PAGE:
If you think that your dog's weight is getting out of control, address the problem immediately. Schedule a specific exam with your veterinarian just to deal with this issue.
- Your dog's annual exam is also a good time to assess and discuss its weight. This is especially true if you think your Lab is just slightly overweight and the issue doesn't require a lot of time or attention.
2. Watch how your veterinarian body scores your Labrador.
Your veterinarian uses the same methods you do, body scoring, to assess whether or not your dog is at its ideal weight. However, they have the advantage of having seen countless dogs during their working life and knowing what is a healthy weight and what isn't.
- Your vet also has the advantage of judging dispassionately without emotion blurring decisions.
- In addition the vet will weigh the dog, as a reference.
3. Discuss changes you can make to your dog's lifestyle and eating habits.
Your veterinarian can be a great resource for ideas about how to lower your dog's weight. The veterinarian may have suggestions for foods to feed the dog and about how to get your dog more physically active.
- Because different dogs have different physical ability levels, based on their breed, age, and physical status, talk to your vet about what kinds of exercise would be good for your dog. Labradors, for example, are big dogs that can do a lot of physical exercise when they are young, but your dog may have physical issues that limit its ability to do certain types of strenuous activity.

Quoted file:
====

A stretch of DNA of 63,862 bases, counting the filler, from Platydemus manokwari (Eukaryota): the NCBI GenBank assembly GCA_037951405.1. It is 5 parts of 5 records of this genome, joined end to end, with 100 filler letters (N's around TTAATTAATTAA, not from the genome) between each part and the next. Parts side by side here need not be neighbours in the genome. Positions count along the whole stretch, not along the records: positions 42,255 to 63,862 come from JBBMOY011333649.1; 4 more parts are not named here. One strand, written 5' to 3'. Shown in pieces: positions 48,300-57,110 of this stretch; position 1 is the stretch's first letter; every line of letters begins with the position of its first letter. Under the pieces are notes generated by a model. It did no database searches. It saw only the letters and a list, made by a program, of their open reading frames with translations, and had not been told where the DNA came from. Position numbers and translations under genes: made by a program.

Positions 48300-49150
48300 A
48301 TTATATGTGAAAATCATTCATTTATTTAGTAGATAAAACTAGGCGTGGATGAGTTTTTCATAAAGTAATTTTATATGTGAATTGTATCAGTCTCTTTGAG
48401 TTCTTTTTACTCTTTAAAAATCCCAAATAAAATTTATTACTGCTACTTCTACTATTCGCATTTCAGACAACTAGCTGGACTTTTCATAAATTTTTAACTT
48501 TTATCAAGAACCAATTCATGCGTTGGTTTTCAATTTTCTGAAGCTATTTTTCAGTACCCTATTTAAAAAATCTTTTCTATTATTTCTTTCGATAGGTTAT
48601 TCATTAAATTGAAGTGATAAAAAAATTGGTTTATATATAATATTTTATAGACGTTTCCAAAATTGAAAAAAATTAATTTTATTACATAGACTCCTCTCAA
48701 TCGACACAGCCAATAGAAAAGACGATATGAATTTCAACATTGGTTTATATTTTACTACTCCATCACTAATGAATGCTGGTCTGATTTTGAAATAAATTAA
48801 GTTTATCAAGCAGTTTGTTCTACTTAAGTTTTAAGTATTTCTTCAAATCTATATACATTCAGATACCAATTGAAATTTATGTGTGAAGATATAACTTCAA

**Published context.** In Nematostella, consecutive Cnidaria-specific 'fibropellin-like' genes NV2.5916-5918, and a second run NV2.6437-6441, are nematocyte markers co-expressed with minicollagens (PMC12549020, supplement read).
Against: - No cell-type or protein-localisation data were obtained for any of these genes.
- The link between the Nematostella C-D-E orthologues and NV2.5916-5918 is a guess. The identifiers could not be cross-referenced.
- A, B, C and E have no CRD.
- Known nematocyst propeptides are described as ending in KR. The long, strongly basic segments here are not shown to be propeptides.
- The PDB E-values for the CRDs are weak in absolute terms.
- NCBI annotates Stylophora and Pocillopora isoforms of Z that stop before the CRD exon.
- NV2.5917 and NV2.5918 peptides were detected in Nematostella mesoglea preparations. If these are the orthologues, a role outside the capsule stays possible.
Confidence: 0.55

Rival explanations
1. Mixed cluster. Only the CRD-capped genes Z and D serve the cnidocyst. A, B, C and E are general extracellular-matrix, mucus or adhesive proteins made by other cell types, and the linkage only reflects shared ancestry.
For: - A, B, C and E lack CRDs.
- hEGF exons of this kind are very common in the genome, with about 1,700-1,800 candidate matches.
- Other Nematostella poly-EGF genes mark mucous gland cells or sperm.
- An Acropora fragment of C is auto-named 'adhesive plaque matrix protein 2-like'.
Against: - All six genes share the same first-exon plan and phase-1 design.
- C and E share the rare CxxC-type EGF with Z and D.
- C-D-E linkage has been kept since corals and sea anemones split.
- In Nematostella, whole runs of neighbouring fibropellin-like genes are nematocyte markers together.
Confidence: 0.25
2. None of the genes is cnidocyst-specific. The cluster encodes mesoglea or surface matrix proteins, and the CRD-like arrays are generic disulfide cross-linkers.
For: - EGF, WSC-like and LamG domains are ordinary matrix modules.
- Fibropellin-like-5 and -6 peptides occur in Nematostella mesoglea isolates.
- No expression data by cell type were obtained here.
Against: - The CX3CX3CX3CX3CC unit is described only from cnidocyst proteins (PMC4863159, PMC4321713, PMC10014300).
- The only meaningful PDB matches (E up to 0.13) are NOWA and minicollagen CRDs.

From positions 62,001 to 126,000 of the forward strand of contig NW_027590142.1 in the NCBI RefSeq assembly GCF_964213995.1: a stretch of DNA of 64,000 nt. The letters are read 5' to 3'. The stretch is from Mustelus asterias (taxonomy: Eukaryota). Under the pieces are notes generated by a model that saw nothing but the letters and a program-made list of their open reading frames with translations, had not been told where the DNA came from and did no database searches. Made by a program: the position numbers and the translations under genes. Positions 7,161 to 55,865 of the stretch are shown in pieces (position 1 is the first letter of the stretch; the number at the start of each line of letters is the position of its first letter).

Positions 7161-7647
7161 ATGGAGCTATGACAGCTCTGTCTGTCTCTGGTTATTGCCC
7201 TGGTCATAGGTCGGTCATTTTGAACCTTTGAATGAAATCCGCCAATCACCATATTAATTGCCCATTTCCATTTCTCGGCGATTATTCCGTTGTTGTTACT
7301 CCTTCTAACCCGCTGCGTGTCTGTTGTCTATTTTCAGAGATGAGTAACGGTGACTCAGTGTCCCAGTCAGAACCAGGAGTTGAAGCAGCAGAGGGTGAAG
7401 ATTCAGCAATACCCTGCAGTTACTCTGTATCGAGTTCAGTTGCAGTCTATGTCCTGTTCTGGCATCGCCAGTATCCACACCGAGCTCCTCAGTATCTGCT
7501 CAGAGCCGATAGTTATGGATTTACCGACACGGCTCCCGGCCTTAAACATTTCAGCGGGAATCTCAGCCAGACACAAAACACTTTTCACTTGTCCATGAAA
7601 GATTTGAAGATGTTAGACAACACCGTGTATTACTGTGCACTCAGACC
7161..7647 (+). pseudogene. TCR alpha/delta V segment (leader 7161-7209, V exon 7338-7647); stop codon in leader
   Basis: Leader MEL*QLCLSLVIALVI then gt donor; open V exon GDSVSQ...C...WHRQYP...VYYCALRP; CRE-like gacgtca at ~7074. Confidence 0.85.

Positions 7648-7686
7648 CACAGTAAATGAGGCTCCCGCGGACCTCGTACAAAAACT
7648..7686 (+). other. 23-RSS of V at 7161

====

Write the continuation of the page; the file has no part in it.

- Your veterinarian will be a good resource for information about feeding your dog because he or she understands the balance between getting enough calories in your dog to keep it active and happy, and still having it lose weight.
4. Learn what the ideal weight is for your specific dog.
Obesity is defined as being 20% over the top end of the normal range of weight. This extra weight represents an excess of fat. However, tables listing the desired weights for different breeds are of limited use for predicting what any individual dog should weigh. Instead, discuss your dog's ideal weight with its veterinarian, as he or she will have a better idea of what the dog's weight should be based on its actual frame.
- For example the 'average' weight for a Labrador is quoted at 55 - 70 lbs. It might be tempting for someone with a heavy female Labrador that weighs 69 lbs to think their dog is OK, whereas when her small body frame and the fact she is female is taken into account, she is actually overweight.
- These average weights can lull an owner into a false sense of security, whereas the owner should be judging the dog's condition based on the amount of fat cover over the dog's ribs and the shape of the dog.
Keeping Your Labrador at a Healthy Weight
1. Understand why your dog is overweight.
This will help you to understand what you need to change in order to help the dog lose weight. In its simplest terms, obesity is caused when a Labrador eats more calories than they burn, and the excess energy is laid down as body fat. In order to stop this from happening, the dog either needs to take in fewer calories, burn off more calories, or a combination of the two.